We generated the healthy normal ductal breast tissue expression data from 20 formalin fixed paraffin embedded tissue biopsies (FFPE) and 10 fresh frozen (FF) tissue biopsies. These included 7 pairs of left and right breast tissue samples from the same patients. For comparison, we added 10 breast cancer tissue biopsies and 6 pure fat tissue biopsies. Sequenced read counts per million (CPM) are available in Supplementary Table 10. To compare our fat sample findings from our targeted RNA-Seq sequences with previously available data, we also analysed GTEx mRNA-Seq expression data from subcutaneous fat (n = 442) and breast tissue (n = 290) (https://www.gtexportal.org).

Sequencing statistics

Healthy tissue samples were sequenced with 40 million and 60 million paired-end 75 base-pair reads per frozen and formalin sample, respectively, using the Roche Kapa RiboErase RNA-Seq kit, and 50 million reads per formalin sample using the Illumina TruSeq RNA Access kit (detailed numbers in Supplementary Table 11). Tumor samples were sequenced with 60 to 80 million reads, and the pure fat samples were sequenced with 20 million reads. The alignments to hg19 with RefSeq annotation for 23686 genes and subsequent filtering of low count genes resulted in 16808 genes that were useable for differential expression analysis between normal and tumor tissue.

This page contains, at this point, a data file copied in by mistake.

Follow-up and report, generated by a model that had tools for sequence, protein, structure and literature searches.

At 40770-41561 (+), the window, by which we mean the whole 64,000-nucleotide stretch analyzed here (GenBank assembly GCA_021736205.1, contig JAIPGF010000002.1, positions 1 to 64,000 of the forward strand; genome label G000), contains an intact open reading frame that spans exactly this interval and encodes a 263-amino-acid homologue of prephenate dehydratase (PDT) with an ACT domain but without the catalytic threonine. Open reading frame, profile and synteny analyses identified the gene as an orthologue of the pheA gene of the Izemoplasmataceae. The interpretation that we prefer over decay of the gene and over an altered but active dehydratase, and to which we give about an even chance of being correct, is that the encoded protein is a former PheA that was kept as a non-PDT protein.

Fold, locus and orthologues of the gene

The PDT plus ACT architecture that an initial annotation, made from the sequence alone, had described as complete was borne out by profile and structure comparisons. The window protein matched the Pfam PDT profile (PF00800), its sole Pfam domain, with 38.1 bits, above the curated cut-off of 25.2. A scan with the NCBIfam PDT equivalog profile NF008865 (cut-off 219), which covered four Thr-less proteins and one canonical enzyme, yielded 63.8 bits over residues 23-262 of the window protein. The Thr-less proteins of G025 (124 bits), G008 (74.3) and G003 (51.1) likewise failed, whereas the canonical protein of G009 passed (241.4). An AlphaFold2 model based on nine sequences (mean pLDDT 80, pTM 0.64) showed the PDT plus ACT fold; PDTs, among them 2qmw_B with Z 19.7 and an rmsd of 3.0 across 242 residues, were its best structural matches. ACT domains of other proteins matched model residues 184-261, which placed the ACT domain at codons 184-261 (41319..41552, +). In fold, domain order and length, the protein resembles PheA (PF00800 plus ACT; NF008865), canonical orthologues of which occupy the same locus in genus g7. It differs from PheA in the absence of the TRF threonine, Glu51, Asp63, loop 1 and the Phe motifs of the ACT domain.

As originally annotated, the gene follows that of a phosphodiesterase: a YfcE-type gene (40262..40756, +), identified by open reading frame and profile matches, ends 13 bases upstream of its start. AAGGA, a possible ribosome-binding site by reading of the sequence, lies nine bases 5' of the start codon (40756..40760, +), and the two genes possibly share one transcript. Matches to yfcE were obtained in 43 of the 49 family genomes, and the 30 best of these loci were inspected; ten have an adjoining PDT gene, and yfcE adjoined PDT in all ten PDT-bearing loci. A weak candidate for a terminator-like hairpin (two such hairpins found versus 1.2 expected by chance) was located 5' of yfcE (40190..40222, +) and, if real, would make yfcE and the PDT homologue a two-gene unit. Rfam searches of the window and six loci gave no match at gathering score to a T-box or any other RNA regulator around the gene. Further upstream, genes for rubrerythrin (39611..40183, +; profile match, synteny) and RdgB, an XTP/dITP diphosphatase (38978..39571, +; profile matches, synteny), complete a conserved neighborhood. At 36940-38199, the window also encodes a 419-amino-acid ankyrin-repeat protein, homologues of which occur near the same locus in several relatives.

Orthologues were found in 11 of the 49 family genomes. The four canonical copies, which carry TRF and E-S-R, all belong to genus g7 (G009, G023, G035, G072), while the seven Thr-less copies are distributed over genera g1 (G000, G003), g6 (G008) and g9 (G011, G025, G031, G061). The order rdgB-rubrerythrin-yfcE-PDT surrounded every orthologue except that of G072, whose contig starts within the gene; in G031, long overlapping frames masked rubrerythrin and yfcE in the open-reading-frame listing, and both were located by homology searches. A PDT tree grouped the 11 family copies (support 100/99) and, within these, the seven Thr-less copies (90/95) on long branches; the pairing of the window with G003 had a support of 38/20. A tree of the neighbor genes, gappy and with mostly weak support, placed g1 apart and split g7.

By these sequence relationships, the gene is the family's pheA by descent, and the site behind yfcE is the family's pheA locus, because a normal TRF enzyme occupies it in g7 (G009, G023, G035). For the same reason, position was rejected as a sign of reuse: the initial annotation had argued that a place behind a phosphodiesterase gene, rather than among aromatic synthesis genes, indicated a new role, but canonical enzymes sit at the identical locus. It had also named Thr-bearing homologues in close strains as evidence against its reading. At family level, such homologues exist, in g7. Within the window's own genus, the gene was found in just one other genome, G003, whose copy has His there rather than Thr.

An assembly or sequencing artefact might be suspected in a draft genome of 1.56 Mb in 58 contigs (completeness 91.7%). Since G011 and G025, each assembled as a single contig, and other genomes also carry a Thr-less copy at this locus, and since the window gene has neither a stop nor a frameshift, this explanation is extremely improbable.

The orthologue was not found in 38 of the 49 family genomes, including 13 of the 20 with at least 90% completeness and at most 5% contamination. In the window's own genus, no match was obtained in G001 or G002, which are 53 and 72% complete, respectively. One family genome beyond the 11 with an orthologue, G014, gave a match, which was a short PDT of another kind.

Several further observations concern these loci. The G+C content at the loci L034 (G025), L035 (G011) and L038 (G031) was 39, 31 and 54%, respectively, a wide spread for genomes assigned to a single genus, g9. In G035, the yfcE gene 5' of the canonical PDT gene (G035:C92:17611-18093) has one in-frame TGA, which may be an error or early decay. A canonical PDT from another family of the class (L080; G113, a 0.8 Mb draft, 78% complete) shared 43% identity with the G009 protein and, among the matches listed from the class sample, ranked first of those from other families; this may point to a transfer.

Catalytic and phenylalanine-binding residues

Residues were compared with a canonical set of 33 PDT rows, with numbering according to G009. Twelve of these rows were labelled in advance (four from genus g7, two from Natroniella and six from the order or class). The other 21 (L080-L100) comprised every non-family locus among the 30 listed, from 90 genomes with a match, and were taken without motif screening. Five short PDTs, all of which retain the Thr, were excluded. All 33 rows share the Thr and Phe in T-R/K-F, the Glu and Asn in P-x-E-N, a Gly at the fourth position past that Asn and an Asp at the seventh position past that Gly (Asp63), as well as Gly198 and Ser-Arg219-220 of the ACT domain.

Principle component analysis

Figure 2 shows a principal component analysis (PCA) plot of the samples based on read counts per million using all unfiltered 23686 genes. We included a previously published triple-negative breast cancer sample sequenced with TruSeq RNA Access [5]. The PCA plot shows very strong differences between total RNA and targeted RNA in the first principal component (Figure 2). Looking at the pairs of left and right breast tissue samples from the same patients, the PCA separated some pairs distinctly. In contrast, the PCA shows no separation between the tumor group and the normal group.